This work was re-popularized by its inclusion in the 1972 album “Blood, Sweat, and Tears.”

3. Debussy: Girl with the Flaxen Hair
After their composition, Debussy insisted that his two books, Preludes for Piano, which included this work, be performed without titles. He wanted the audience to use their imaginations with total freedom. Debussy agreed later in life to add titles in small print at the end of each piece, e.g.

“….Girl With the Flaxen Hair”

4. Chopin: Nocturne in C-Sharp Minor, op. post.
This stunning work was popularized in the movie “The Pianist”, in a performance depicted in a radio station in Warsaw which was being bombed by the Nazis during the broadcast.

5. Mussorgsky: Promenade and Old Castle from “Pictures at an Exhibition”
Mussorgsky used to gather with his composition friends, to the accompaniment of profuse food and drink, to rail against the “predictability” of German music. He was famously quoted: “With Beethoven, you always know what you are struggling against and how it will end.”

6. Brahms Op. 117, #1
Brahms loved folk music, and this work is based on a Scottish lullaby.

“Sleep softly my dear child. I wish that your sleep would not be disturbed.”

7. Brahms Op. 119, #1
This work was one of the very last instrumental works Brahms composed. In a letter to his dear friend Clara Schumann, he wrote that “it is not possible to be too filled with melancholy when playing each phrase of this work.” Schoenberg was inspired by the extreme harmonic adventurousness of this and other Brahms offerings of the time to write a famous essay entitled “Brahms the Progressive”, flying in the face of conventional wisdom in Germany in the late 1800’s that Wagner was the “progressive” and Brahms the “conservative.”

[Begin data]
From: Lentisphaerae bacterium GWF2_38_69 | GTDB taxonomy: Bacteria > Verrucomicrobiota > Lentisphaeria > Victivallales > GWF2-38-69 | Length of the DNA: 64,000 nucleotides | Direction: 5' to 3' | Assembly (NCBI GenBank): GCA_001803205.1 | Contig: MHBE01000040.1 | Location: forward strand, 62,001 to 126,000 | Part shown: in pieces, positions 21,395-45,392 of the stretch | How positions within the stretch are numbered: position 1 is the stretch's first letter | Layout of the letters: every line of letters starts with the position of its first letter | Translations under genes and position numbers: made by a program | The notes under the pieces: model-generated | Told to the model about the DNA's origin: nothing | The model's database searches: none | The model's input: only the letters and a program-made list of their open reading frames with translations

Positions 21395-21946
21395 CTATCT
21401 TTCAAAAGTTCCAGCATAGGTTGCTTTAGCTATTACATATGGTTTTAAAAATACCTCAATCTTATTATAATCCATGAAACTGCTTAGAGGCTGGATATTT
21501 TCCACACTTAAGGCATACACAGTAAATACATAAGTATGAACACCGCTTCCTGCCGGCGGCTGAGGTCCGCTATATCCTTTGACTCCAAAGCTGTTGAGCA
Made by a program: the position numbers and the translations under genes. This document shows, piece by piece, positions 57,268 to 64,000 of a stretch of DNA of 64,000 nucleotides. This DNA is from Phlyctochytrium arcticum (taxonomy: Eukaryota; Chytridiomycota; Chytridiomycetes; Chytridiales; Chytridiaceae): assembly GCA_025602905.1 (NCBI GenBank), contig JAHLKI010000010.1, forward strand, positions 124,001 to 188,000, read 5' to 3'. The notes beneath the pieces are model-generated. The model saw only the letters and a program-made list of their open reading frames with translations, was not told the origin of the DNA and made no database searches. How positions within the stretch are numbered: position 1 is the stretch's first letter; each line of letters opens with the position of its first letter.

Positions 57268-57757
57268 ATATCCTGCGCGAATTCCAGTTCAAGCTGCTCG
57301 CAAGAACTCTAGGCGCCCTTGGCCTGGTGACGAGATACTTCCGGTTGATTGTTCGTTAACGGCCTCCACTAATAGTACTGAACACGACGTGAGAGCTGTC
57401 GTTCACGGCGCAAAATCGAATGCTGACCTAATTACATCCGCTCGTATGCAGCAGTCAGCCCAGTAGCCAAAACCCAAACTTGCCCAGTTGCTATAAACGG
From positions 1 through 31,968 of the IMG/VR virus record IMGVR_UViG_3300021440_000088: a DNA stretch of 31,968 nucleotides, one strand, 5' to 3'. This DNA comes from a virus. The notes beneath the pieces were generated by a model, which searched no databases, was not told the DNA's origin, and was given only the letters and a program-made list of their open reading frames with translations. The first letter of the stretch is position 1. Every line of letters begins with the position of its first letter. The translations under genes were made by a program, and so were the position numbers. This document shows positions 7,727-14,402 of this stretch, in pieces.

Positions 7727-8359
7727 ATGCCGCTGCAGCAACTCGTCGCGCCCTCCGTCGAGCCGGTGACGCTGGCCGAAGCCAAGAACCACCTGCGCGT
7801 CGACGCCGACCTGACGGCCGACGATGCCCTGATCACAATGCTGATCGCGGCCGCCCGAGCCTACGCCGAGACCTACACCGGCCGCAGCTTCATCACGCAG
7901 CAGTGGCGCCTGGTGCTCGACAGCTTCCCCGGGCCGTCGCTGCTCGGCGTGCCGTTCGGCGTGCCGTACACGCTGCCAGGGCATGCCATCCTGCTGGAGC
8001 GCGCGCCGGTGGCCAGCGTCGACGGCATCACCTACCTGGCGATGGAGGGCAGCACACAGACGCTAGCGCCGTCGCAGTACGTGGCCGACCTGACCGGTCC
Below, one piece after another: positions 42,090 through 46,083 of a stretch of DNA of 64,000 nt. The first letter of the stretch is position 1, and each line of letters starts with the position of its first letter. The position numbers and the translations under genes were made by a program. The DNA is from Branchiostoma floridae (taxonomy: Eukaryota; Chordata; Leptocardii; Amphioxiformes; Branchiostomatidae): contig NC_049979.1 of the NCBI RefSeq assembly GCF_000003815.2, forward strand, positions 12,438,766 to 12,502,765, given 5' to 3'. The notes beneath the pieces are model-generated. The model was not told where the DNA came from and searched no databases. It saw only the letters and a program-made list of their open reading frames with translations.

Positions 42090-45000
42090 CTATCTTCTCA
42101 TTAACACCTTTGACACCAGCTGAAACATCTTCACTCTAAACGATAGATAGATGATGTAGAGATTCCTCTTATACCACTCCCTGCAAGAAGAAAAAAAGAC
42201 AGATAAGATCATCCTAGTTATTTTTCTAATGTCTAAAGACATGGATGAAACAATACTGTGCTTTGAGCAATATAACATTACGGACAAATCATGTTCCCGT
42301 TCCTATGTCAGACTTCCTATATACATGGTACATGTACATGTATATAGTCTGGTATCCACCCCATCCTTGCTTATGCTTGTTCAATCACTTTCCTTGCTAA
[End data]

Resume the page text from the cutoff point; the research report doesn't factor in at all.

8 and 9. Schumann Scenes from Childhood: About Strange Lands and People; Traumerei.
Scenes from Childhood were adoringly played by Robert and Clara Schumann for each other many evenings as part of their courtship. And both of them played these works as favorite bedtime stories for their children.

10, 11 and 12: Schubert Andante from D. 640 and Molto moderato and Andante sostenuto from D. 960.
These stunningly beautiful, profound, and moving works were unpublished in Schubert’s lifetime. Throughout his adult life, Schubert resisted his friends’ attempts to have him perform his music in public. Schubert preferred to play his music in “Schubertiades”, informal gatherings of his musician/friends. Schubert proclaimed: “This music is too difficult to perform in public.” This non-public approach remained true in the last year of his tragically short life – he died at age 31 — during which Schubert composed not only the Sonata in B-Flat D. 960, the first two movements of which are presented here, but also the Great Symphony No. 9 in C, the song cycles Die Wintereise and Die Schone Millerin, and the Cello Quintet in C, among others. The textual and expressive parallels between the slow movement of D 960 and the slow movement of the Cello Quintet in C are remarkable.